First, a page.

Really great engineers who are really incredible mixers do not need much of what the mastering engineer can provide since their product is already superior to begin with. The mastering engineer is only there to homogenize your stereo mix for replication purposes and/or your personal release on CD.

One of the best learning experiences you can treat yourself to is to book a recording session at a reputable recording studio, carefully observe and listen to what the engineer does. Once he/she has completed that task and mixed your product, you will then be ready to book a session with a reputable mastering engineer. You might have to pay a little extra and request that you be at the mastering session? You should then also carefully observe what your mastering engineer does to your stereo mix. Consider that low-cost education! A worthy investment to be sure.

Would you like that beer now?
Ms. Remy Ann David

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JoeH Mon, 05/08/2006 - 10:20

Honestly, Remy; you should be charging for this info, or at least writing a book! ;-)

I'm seeing bits and pieces (in EQ and EM Mags) about another way to do mastering; "reduction" mixes, for want of a better term. The mastering house gets "mixed" portions in stereo sub-groups - e.g. drums and bass, instruments, vocals, etc. and then (with a DAW) is able to combine these sub groups to taste (or to optimize what the ME can do for a track.)

In other words, the drums are "mixed" per se, but can still be brought up or down relative to the rest of the tracks. Ditto for the instruments, vocals, etc. (I've heard about situations where there are four or five separate "Stems" like this).

This way, there's no need to do four or five versions of the track like: "Vocals Up, Vocals down, No Vocals", etc. The ME can do it for the client, and it avoids work at the mixing level and puts it in the hands of the ME (where its going to be tweaked anyway). The mixing studio can of course provide a complete mix to suggest how they'd LIKE it to sound, but the ME can go further with more refined tools and a fresh ear. (And with Internet file sharing, it's getting easier all the time to hear temps before a final commitment.)

As a mixing engineer, I'm not sure I like the idea, but as an ME, I think it's extremely helpful. Anyone else hear about this process?

RemyRAD Mon, 05/08/2006 - 12:52

Thanks for the thumbs-up Joe! I am considering doing what you suggest. Right now I'm trying to find another home for my studio. Not having much luck right now with that.

Sending stems to the mastering engineer turns the mastering engineer into your mixing engineer. What am I not understanding about the recording process here? Or is that hear? Just like everything else that has been homogenized in our world lately, the entire recording process is also becoming quite a bit more homogenized. Unfortunately my remote truck is being put out to pasture!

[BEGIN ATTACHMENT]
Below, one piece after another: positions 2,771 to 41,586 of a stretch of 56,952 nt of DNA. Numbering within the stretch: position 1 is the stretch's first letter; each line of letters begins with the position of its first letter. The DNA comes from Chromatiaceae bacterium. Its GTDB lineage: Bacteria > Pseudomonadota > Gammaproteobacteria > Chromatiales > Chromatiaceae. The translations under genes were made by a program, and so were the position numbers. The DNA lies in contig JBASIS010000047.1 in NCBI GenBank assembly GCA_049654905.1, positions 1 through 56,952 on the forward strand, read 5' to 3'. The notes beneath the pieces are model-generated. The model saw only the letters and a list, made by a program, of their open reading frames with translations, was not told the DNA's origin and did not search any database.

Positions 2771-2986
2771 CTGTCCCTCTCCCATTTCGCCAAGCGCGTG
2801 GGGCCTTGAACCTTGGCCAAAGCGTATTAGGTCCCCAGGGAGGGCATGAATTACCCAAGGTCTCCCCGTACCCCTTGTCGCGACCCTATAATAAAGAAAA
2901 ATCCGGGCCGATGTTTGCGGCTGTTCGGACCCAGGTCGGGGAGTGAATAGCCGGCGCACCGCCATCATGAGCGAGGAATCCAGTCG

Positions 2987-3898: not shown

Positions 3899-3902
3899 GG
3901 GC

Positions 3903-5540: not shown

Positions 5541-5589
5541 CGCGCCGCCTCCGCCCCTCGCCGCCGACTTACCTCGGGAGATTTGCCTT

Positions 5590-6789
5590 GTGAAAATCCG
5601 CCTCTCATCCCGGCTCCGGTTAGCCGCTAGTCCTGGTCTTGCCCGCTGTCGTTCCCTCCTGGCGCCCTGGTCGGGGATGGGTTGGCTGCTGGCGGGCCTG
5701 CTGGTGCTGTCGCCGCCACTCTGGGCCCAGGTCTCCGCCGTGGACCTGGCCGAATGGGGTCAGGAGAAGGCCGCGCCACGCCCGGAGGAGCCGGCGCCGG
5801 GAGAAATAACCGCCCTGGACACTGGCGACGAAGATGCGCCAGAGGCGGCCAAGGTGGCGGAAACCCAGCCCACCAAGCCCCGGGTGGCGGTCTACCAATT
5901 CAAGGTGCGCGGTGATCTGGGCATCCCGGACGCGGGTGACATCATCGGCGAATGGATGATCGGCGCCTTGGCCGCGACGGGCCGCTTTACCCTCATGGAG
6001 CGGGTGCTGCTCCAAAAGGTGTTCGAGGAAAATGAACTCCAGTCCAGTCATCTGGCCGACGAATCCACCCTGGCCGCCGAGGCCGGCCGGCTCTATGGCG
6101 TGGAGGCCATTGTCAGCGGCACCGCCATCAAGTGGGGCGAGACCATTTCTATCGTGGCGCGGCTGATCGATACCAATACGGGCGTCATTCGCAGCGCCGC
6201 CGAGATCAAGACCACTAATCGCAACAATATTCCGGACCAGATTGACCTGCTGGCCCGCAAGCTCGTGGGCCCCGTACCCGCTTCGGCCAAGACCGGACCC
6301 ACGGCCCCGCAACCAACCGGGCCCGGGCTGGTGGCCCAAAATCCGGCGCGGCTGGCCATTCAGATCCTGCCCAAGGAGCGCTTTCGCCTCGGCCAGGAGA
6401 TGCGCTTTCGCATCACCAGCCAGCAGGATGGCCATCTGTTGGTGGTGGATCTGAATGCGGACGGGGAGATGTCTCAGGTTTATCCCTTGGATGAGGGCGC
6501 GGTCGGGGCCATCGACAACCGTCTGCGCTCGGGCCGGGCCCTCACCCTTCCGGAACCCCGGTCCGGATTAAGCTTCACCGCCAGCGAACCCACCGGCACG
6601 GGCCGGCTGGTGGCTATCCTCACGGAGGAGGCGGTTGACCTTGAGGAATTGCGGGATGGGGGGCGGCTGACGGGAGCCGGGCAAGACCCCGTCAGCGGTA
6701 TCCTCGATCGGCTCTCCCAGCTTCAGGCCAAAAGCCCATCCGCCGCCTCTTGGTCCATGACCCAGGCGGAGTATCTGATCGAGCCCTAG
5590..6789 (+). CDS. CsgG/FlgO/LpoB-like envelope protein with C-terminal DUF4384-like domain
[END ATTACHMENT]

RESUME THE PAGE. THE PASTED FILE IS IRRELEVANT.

The position of the tracking engineer, mixing engineer, mastering engineer are quickly becoming blurred. Which way did they go? Which way did they go? I think people here all need to learn how to massage their tracks (turds) into a lovely mix? What's the point of recording anything if you don't? Anybody can flush a toilet but it's what you need to learn how to do before you flush the toilet. Otherwise all of your work will stink.

I find recording truly Charmin
Ms. Remy Ann David

headchem Mon, 05/08/2006 - 14:06

I love your sign-off lines, remmyRAD.

Is it fair to say that a mastering engineer can be a good mixing engineer, but a mixing engineer cannot be a good mastering engineer?

Is a mastering engineer just a mixing engineer who uses a different set of tools (EQ instead of individual mixer faders)?

This 'ME' vs. 'MixE' line is suddenly a lot more blurry than it used to be...

RemyRAD Tue, 05/09/2006 - 09:21

Michael is correct! I go through the same thing in television! As an audio person, I guess I don't know how to do video? But all video people know how to audio. RIGHT SURE YOU BET I have been doing more video than audio over the past six years but still keep getting pigeonholed as an audio person. So I guess I'm one of the few video people now that can deliver good and competent audio? What a concept? I guess I don't know how to do mastering either, since I am a recording and mix engineer and don't have any concept as to what a recording should sound like when finished?

I want to be a brain surgeon like Jethro Bodine!
Ms. Remy Ann David

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JoeH Tue, 05/09/2006 - 11:41